Hoping to proactively rebut misinformation about the reliability of midterm election results, election officials are warning voters not to expect complete results on election night. They say that in many cases, ballots will still be counted in many states days later.
In a tweet, Sen. Ted Cruz, R-Texas, singled out Democratic-led cities for ballot-counting delays.
“Why is it only Democrat blue cities that take ‘days’ to count their votes? The rest of the country manages to get it done on election night,” Cruz tweeted Oct. 27, drawing more than 20,000 likes and retweets.
Cruz linked to a New York Post article that said Pennsylvania’s top elections official cautioned that official results in the races for U.S. Senate and governor won’t be available on election night.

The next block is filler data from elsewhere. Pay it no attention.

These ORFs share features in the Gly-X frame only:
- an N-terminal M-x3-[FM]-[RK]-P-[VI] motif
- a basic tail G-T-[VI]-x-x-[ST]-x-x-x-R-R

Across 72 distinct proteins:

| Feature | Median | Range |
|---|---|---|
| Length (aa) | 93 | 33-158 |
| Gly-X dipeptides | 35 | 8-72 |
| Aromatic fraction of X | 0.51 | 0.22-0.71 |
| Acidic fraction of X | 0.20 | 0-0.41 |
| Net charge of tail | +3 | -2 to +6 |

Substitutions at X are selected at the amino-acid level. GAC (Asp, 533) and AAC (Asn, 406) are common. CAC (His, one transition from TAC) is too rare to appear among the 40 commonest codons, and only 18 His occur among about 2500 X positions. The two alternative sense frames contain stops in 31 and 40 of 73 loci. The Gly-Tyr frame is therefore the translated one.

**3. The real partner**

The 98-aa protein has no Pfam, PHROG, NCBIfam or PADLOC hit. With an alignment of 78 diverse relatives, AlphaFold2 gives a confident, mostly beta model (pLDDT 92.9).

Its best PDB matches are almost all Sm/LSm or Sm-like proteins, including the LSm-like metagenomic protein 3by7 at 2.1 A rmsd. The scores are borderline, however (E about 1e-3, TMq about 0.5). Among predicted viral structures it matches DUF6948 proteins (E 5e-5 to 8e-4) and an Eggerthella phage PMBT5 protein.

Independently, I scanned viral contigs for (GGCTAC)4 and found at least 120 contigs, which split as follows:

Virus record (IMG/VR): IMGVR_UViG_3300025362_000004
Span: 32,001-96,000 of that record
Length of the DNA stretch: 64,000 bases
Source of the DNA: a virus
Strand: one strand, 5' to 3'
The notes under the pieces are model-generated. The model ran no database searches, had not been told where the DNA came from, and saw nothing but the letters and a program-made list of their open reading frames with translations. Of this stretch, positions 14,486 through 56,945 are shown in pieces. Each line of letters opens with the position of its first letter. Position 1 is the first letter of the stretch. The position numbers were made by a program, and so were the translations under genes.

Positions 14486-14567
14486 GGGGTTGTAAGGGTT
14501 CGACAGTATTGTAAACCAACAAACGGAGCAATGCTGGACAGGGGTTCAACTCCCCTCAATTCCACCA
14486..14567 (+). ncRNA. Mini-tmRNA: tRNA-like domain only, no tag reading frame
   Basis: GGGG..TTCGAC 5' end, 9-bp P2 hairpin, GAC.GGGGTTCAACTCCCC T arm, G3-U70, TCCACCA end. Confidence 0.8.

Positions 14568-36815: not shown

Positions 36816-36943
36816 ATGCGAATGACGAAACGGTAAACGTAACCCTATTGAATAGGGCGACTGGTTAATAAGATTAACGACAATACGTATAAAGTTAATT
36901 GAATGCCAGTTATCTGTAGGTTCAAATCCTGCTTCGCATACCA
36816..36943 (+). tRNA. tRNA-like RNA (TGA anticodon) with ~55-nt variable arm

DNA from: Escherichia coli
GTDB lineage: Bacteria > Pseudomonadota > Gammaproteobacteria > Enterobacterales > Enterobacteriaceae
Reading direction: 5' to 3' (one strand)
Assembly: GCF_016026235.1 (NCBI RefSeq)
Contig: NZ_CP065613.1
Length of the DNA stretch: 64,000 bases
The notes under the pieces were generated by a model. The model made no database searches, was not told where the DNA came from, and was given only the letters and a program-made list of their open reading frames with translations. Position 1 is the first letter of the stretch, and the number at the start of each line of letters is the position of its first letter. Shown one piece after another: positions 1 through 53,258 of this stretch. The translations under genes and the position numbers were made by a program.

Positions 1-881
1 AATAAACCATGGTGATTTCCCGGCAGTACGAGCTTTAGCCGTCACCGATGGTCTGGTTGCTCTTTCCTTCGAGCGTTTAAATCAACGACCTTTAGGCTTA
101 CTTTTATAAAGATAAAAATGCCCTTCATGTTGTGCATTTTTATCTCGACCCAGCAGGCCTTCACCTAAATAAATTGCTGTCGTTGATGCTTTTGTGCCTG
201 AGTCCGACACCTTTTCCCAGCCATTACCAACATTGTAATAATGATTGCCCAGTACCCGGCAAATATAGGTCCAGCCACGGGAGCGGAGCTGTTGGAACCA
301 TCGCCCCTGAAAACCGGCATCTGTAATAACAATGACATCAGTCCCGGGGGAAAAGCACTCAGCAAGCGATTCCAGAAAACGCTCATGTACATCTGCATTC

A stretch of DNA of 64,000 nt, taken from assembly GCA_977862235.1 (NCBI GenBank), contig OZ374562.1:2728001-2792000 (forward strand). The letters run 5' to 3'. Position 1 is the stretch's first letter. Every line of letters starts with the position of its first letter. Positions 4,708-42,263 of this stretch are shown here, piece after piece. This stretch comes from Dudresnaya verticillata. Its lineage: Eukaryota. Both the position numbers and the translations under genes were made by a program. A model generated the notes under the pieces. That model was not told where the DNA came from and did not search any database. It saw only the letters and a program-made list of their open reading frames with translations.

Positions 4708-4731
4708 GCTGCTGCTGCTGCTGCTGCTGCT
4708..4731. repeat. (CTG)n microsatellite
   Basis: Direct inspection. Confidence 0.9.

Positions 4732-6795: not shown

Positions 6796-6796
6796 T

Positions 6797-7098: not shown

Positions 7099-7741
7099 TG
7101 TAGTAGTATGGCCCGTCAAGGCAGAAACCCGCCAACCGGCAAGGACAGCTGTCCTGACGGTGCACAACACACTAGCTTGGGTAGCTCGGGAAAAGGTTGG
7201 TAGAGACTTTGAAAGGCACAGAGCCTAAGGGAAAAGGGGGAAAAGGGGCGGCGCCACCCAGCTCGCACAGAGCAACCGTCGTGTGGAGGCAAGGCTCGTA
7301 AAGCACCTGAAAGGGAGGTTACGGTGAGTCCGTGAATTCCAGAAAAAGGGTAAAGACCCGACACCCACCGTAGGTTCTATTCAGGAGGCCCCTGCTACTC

Acting Secretary of the Commonwealth Leigh Chapman said that a state law doesn’t allow election officials to start opening mail ballots until 7 a.m. on Election Day. The Republican-led General Assembly unanimously passed an election law in March 2020 that included that start time for processing mail ballots. Months earlier, the state passed Act 77, which stated that any voter could cast a ballot by mail.
Ballot counting has lagged in some cities, which in today’s polarized electoral environment are heavily Democratic. But Cruz’s statement is misleading in multiple ways.
We contacted a spokesperson for Cruz to ask whether he had additional evidence beyond the article the tweet linked to. The spokesperson provided no further evidence.
Read the full story at PolitiFact, and listen to an interview with PolitiFact Texas’ Nusaiba Mizan in the audio player above.
Radio interview produced by Sean Saldana